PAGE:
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Unformatted text preview: d his counterpart. These factors equate to rapport, credibility, and continued belief in
the value of the relationship.
3-19. The resistance leader and U.S. advisors must agree upon C2 arrangements within the bounds of
higher-level political and military agreements. The specifics of a resistance organization depend on local
conditions. UW requires centralized direction and decentralized execution under conditions that place great
demands on the resistance organization and its leadership. Armed rebellion inherently creates an
ambiguous and unstructured environment. No two resistance organizations need the same degree or level
of organization. All levels of command should consider the following factors when advising the resistance
leadership concerning organization: The effectiveness of the existing resistance organization. The extent of cooperation between the resistance organization and the local population. The level of hostile activity and security measures. The political boundaries, natural terrain features, potential targets, and population density of the
operations environment. The religious, ethnic, political, and ideological differences among elements of the population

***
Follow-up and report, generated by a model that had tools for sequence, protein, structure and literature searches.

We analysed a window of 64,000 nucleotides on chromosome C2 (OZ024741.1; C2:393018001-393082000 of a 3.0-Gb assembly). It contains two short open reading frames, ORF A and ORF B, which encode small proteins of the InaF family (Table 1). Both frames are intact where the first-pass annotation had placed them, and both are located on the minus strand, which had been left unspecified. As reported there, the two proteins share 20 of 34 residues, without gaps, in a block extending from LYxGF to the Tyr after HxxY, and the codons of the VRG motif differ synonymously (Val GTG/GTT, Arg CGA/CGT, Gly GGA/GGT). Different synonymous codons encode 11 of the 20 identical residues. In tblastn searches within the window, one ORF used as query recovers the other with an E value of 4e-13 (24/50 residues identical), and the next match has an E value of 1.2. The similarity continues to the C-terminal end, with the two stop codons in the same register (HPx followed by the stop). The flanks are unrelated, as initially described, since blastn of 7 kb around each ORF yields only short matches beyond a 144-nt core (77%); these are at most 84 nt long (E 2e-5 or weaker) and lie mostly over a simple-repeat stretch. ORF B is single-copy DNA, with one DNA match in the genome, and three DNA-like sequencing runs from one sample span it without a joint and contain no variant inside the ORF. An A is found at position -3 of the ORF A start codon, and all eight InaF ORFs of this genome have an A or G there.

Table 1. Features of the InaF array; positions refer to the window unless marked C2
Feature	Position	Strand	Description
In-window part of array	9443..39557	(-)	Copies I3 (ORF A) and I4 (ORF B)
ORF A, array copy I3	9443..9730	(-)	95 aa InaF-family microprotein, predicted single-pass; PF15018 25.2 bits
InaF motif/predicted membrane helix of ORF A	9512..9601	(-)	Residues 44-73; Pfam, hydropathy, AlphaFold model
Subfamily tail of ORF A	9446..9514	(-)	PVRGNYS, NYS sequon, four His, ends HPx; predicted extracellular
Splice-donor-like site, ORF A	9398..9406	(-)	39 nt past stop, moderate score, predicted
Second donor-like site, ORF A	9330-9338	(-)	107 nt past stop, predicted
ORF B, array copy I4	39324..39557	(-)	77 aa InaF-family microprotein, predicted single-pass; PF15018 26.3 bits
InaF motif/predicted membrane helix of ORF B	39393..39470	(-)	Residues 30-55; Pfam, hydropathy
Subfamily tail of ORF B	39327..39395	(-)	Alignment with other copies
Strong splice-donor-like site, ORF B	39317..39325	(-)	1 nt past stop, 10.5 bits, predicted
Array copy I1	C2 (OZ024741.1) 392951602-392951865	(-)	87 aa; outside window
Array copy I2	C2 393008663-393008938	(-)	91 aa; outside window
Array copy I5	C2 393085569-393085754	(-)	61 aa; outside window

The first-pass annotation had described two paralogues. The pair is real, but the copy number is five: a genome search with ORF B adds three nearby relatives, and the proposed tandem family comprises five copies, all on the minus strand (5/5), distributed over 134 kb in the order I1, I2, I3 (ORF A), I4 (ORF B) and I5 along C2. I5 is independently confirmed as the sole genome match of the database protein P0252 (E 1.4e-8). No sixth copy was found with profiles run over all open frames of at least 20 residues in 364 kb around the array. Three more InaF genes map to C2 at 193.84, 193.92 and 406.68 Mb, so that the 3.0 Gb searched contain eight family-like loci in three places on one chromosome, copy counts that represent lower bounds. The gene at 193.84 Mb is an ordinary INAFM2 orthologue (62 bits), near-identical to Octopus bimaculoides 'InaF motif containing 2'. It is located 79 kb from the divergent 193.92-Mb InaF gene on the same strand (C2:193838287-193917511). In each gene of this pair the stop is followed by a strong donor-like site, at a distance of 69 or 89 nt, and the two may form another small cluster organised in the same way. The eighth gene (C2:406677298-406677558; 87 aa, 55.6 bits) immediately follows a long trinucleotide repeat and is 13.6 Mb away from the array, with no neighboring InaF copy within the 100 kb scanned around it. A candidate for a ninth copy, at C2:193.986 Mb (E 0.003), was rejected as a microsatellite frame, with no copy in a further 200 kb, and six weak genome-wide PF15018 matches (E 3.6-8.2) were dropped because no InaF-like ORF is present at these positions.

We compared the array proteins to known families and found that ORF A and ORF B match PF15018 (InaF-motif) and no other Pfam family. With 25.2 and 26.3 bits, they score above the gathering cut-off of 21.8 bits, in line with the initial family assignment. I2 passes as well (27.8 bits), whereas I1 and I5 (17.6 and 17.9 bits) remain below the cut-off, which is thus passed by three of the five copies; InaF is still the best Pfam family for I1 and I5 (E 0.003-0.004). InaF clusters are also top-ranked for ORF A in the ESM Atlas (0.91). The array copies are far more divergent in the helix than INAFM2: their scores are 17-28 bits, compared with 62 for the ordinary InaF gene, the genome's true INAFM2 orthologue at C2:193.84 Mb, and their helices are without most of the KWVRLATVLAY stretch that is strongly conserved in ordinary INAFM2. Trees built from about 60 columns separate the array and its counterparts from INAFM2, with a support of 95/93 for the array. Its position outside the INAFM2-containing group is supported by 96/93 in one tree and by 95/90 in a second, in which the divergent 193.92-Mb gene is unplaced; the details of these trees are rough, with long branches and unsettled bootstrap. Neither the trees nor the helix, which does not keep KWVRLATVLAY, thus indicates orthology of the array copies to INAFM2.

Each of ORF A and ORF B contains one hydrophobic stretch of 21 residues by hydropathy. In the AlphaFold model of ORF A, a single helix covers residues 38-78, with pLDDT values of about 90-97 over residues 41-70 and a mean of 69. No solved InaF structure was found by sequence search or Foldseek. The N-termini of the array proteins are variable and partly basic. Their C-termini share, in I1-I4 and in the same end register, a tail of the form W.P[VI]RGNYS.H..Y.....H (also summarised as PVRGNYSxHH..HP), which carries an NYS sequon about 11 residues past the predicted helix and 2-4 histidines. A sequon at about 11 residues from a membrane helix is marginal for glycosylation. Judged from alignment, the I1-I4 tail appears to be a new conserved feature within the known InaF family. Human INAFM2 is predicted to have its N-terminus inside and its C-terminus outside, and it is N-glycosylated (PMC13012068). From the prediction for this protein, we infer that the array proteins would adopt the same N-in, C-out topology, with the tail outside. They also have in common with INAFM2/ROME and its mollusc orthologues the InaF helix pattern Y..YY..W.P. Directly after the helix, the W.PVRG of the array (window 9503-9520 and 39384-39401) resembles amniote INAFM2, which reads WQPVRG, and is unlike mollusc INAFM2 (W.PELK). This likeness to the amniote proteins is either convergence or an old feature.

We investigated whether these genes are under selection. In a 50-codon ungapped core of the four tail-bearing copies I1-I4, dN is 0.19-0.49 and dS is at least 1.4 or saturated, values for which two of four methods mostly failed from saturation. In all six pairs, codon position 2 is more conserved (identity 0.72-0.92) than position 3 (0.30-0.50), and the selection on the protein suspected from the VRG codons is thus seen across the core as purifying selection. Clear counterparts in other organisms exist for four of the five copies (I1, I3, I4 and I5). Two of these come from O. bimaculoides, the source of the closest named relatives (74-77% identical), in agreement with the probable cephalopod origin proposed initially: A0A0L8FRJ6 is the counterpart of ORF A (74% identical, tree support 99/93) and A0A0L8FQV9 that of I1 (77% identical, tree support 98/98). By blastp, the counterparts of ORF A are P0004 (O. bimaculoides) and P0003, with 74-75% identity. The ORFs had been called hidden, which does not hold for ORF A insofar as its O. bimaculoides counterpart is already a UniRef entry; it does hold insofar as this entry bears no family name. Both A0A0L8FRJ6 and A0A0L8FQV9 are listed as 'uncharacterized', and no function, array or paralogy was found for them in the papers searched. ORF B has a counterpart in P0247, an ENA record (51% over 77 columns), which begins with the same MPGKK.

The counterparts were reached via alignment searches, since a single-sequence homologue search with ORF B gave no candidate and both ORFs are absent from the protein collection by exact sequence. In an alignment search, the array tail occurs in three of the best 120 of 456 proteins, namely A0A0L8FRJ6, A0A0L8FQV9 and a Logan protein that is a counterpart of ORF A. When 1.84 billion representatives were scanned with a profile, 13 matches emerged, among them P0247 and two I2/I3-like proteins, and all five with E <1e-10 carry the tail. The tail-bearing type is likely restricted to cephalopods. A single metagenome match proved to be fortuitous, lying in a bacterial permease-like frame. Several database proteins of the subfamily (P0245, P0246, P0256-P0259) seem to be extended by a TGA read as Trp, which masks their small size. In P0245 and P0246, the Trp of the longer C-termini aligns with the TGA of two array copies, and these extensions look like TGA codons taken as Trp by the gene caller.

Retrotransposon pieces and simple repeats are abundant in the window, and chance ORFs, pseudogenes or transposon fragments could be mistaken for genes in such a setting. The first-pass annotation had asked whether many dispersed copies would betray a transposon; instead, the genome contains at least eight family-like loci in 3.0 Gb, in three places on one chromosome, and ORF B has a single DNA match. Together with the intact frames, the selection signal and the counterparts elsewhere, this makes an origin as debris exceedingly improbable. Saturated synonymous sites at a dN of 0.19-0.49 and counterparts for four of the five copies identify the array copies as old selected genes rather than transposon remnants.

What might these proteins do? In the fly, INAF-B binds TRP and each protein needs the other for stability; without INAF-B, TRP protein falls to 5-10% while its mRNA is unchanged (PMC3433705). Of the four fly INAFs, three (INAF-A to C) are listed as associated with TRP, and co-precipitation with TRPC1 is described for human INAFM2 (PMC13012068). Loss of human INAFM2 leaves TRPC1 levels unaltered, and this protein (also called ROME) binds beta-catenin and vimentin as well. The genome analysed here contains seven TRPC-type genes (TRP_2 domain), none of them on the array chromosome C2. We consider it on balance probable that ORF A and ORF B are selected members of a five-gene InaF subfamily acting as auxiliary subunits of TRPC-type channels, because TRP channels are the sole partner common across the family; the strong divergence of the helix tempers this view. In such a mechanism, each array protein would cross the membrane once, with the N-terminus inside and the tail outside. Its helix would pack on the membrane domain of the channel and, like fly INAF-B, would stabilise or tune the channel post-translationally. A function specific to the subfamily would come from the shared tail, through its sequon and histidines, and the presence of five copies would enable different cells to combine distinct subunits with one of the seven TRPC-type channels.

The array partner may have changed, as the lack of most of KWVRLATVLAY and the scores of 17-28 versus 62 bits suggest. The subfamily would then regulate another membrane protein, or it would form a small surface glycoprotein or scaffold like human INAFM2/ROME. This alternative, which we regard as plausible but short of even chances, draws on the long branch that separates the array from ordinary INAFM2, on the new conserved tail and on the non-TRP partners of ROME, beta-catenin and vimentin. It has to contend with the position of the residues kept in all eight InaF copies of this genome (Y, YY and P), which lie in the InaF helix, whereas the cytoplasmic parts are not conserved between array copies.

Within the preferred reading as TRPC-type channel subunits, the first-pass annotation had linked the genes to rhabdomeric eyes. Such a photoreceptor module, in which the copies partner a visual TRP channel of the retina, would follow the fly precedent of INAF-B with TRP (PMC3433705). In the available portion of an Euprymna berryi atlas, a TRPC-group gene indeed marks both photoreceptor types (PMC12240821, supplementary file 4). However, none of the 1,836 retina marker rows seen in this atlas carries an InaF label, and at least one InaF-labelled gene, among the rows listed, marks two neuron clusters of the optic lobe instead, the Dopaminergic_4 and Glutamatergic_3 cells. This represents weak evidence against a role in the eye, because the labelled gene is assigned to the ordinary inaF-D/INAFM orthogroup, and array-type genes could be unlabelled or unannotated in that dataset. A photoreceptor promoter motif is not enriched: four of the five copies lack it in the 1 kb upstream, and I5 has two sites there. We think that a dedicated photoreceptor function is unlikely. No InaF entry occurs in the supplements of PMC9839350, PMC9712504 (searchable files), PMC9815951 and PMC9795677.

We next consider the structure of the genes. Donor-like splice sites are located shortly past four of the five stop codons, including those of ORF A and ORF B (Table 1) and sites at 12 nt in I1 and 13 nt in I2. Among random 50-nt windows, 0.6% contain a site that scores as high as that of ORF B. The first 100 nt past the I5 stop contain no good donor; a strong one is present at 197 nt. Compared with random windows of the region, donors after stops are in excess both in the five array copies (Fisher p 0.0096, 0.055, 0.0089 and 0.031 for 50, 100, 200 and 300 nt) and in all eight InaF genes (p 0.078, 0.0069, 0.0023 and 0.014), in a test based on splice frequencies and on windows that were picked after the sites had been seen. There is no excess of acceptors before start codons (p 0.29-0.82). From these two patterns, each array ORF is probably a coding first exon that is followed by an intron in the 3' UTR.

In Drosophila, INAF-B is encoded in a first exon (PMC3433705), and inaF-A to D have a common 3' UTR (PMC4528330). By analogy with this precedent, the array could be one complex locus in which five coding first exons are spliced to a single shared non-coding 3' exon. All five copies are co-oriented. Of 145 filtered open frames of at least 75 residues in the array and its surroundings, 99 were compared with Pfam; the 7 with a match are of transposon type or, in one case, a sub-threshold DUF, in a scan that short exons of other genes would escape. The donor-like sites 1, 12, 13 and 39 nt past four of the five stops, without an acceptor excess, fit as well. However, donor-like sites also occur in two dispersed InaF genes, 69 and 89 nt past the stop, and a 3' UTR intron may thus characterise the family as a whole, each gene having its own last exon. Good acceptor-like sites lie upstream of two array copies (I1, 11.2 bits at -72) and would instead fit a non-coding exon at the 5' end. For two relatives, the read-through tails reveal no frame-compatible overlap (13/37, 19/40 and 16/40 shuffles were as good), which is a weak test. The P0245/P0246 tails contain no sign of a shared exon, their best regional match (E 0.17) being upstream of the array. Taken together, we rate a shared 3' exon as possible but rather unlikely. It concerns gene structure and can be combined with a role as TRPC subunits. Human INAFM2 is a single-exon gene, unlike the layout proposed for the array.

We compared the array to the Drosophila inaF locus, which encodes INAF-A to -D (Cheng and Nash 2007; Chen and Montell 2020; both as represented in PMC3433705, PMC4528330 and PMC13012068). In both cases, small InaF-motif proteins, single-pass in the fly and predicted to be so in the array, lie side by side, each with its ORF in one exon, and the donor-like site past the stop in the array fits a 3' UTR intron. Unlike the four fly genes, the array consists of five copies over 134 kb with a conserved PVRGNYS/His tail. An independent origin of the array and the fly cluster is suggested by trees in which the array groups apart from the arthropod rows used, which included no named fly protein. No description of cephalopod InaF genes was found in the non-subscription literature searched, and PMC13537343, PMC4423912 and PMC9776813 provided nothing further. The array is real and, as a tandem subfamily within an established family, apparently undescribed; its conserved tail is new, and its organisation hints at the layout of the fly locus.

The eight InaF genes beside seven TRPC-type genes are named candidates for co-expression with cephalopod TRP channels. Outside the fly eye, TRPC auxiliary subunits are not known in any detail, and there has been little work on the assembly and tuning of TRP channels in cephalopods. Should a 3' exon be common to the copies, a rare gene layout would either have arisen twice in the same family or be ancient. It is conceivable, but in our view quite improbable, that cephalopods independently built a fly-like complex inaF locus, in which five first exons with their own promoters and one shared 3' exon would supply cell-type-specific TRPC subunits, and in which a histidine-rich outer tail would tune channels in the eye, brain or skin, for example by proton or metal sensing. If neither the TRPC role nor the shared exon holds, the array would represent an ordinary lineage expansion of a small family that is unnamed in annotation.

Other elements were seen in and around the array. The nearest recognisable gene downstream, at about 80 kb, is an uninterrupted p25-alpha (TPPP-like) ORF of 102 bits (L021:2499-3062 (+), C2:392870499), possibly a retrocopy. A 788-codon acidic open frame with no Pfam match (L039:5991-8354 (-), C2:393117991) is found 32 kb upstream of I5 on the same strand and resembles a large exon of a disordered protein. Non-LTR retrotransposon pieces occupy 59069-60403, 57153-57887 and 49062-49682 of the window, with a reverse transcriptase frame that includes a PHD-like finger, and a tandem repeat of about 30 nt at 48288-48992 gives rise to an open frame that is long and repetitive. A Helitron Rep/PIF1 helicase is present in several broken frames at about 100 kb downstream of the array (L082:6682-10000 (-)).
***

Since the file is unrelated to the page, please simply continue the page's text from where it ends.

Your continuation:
and competing resistance organizations. The proposed type and scope of combat operations. The degree of U.S. influence with the resistance organization.
3-20. It is important that the SFODAs understand and report the strengths and weaknesses of the resistance
group. With this feedback, higher commanders can develop the UW campaign plan to effectively leverage
the strengths of the different groups while mitigating the inherent weaknesses. MIS assessments are
important sources of information that aid in understanding these strengths and weaknesses. These
assessments aid in understanding the cultural, religious, economic, and social factors affecting the
operational environment and the resistance movement. This analysis also provides key insights into
relationships and other influences affecting the behavior of targeted groups.
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This document was uploaded on 01/15/2014.
- Winter '14